Self limiting beliefs creep up on us little by little; they surface in different ways each time. Even when believe to self beliefs everything about self help and self improvement are geared to helping us become better people, a self limiting belief can still rear its ugly head at unexpected times and make things seem harder than they really are or feel. If you’re unsure what a self-limiting belief is or how you may be affected, here are some examples of what you may be overlooking.
We’ve all heard it before, “The new belief doesn’t belong to me.” You may have heard this in a psychotherapist as part of a client’s treatment for a self-limiting beliefs or behavior. The therapist is trying to help the client realize that his old beliefs about something didn’t work or that the client needs to eliminate those old beliefs in order for the new belief to be more valid. This kind of conversation is very helpful, but the problem with this belief is that it has been used so often that it has become embedded in the client’s mind and has started to take on a life of its own. Every time the client sees or hears this belief, it reminds him or her that the same old thing is still in place or that the client needs to reinforce that old belief even though the client now knows that it no longer holds true.
Another example of self-limiting beliefs is the belief, “I’m too smart to need help.” This belief has nothing to do with intelligence – in fact, the opposite is true! Thinking this way stops you from doing any self help or improvement on your own because you mistakenly believe that only other people can help me, making it impossible for you to take advantage of the assistance available to you in any given situation. Although I don’t mean to belittle the importance of others, but this belief makes it impossible for you to make any changes in yourself because you’re afraid that you may not be good enough.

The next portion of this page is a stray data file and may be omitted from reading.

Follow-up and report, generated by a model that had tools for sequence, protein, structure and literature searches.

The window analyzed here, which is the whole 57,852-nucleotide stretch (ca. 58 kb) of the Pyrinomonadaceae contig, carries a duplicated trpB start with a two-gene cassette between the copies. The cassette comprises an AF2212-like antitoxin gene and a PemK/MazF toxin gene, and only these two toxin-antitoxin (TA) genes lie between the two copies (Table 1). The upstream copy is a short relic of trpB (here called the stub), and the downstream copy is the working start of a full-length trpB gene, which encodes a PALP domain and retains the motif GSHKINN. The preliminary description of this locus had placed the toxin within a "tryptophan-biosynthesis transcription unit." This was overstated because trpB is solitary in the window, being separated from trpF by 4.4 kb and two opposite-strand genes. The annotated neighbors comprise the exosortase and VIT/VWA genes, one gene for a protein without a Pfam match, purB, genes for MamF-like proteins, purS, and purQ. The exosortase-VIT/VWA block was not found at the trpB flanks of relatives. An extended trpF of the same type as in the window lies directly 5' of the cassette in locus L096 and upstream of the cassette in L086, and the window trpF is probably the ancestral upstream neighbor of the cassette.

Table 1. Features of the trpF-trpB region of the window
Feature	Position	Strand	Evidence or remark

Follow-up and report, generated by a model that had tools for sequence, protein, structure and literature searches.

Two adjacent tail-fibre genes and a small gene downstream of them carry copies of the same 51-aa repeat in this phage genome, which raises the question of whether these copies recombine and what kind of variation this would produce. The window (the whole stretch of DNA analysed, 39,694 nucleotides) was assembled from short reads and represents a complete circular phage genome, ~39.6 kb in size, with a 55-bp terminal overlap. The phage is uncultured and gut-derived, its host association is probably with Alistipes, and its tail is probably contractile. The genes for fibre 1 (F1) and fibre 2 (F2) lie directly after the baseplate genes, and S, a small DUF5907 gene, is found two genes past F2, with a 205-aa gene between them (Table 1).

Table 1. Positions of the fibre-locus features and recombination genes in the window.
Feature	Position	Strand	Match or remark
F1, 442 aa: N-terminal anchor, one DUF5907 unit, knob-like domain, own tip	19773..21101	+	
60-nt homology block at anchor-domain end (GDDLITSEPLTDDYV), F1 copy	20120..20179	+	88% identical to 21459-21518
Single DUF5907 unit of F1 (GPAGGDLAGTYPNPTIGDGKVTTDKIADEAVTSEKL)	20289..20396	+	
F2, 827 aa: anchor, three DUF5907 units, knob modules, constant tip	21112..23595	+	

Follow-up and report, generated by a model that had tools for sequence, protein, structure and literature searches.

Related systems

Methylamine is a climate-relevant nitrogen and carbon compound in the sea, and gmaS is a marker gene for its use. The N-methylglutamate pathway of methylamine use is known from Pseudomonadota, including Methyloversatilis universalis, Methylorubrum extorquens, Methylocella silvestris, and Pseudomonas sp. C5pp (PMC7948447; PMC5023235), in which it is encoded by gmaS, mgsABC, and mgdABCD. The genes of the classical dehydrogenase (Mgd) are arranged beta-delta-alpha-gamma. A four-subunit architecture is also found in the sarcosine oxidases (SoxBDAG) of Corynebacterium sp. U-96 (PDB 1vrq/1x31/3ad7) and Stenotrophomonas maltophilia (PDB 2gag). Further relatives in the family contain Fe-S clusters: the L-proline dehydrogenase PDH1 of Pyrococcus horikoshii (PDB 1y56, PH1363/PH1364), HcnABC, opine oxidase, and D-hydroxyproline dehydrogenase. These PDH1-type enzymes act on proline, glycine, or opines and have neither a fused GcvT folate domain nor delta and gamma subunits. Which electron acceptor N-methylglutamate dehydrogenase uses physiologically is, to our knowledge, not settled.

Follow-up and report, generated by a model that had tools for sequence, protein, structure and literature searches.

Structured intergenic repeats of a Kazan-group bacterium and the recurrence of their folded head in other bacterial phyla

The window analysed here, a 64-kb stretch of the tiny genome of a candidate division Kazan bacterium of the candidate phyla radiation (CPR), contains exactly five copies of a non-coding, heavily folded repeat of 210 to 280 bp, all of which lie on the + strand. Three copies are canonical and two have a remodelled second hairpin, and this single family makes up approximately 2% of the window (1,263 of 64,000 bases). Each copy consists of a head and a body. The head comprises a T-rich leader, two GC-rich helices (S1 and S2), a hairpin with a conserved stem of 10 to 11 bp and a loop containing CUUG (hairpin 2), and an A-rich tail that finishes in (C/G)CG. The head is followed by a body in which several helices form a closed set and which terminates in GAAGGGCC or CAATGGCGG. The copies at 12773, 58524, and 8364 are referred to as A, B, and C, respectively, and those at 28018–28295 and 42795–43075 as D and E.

Self-limiting beliefs are usually very closely associated with the “if it isn’t broke, don’t fix it” attitude. Unfortunately, this attitude becomes very hard to dislodge once it becomes deeply rooted in your psyche. You may have learned all kinds of things about yourself over the years that have led you to believe that you’re not good enough. One of the most common elements with these types of self-limiting beliefs is the idea that failure is always something that just has to happen and that there is no hope to improve upon past performance.
The biggest pitfall of this kind of self limiting belief is that the new beliefs that you create in order to overcome the original one tend to reinforce the original ones even more strongly. For instance, if you’ve been convinced that you’re not smart enough to become an engineer, you’ll continue to believe that in your subconscious until you come to a point where you decide that maybe you really do have what it takes to become an engineer. However, before you begin to spend all of your energy trying to change this kind of belief, you need to identify it for what it is first. You may need to go through a process of questioning whether or not you really do deserve to be happy with what you’ve done and whether or not you’ve done everything possible to reach the goals that you’ve set for yourself. This may be uncomfortable at first, but in the end it will be a great liberation. Once you’re free of the “belief” that you’re not good enough, you can then begin to think much more clearly about what it is that you want to do.
Self-limiting beliefs are really just habits that have been programmed into your subconscious mind from a very young age. You’ve likely had them all your life, but you may have gotten away with them for a while. The truth is that your subconscious mind doesn’t know the difference between what’s right and what’s wrong. Once you’re able to realize that you can’t always be right (which isn’t always an easy thing to do) then you can focus on changing your self-limiting beliefs. This will allow you to set goals that are meaningful to you and give you the best opportunity to succeed.